Residents make sure Arizola townsite isn’t lost to time

The Museum of Casa Grande/Casa Grande Dispatch

By Jeff Jackson | Casa Grande Dispatch

EDITOR’S NOTE: This is the first of a two-part series.

CASA GRANDE – Way back in 1891, a few developers paid the U.S. government 10 bits per acre for an area southeast of Casa Grande and received a patent for the desert tract that was home to cactus and rattlesnakes.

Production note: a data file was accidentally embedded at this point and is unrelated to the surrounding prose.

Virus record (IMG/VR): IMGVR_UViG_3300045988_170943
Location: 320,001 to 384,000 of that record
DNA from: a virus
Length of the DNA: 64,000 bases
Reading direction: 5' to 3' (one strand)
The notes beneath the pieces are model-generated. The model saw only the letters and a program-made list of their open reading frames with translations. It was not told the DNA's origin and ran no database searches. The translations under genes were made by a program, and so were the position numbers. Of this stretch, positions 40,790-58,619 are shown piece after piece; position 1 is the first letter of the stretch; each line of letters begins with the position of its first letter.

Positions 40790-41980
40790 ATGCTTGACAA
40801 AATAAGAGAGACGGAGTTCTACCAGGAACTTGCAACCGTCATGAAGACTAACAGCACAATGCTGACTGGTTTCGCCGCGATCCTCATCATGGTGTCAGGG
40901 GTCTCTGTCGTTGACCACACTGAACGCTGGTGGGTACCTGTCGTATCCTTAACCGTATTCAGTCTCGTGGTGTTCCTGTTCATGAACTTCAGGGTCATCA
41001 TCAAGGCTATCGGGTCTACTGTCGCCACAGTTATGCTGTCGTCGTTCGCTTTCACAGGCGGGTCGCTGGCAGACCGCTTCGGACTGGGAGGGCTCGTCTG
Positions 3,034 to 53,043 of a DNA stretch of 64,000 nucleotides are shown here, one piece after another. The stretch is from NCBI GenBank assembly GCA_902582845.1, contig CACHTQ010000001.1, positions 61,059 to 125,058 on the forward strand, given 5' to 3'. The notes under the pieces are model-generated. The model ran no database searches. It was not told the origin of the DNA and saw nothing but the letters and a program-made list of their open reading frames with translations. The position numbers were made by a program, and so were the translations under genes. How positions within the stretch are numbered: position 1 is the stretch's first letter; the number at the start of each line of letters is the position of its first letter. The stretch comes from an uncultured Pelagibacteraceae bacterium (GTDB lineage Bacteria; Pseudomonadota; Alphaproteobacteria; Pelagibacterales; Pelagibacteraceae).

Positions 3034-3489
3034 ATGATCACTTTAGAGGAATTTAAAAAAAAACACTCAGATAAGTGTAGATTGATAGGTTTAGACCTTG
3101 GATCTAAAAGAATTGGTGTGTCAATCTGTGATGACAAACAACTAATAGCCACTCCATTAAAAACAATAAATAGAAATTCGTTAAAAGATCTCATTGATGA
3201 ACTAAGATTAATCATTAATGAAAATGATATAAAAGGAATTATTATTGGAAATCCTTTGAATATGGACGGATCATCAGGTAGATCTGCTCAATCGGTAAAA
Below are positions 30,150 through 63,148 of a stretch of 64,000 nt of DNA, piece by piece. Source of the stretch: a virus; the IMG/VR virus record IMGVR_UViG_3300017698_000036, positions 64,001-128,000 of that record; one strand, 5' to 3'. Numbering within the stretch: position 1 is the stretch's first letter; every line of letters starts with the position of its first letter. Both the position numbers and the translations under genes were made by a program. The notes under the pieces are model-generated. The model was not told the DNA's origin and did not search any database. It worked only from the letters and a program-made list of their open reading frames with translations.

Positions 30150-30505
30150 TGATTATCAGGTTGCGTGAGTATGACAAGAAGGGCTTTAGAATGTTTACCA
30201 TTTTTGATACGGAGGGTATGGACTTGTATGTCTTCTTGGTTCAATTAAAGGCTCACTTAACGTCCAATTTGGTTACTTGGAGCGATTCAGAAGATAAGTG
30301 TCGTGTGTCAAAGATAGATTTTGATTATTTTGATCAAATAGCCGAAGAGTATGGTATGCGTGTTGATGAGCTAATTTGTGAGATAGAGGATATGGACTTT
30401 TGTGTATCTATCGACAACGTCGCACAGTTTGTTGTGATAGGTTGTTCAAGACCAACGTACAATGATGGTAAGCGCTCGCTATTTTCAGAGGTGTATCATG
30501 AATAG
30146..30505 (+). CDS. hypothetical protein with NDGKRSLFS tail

The following year the group incorporated and garnered water rights from the Florence Canal Company with visions of commercial and residential lots and even a railroad stop. But the people needed a name for their new $1.25-an-acre venture.

The man listed as president, David S. Thomas, and his associates wanted to play off of the territorial title Arizona but needed more. Thomas’s daughter Ola inspired the missing piece, and the burg that survives 130 years hence was christened Arizola.


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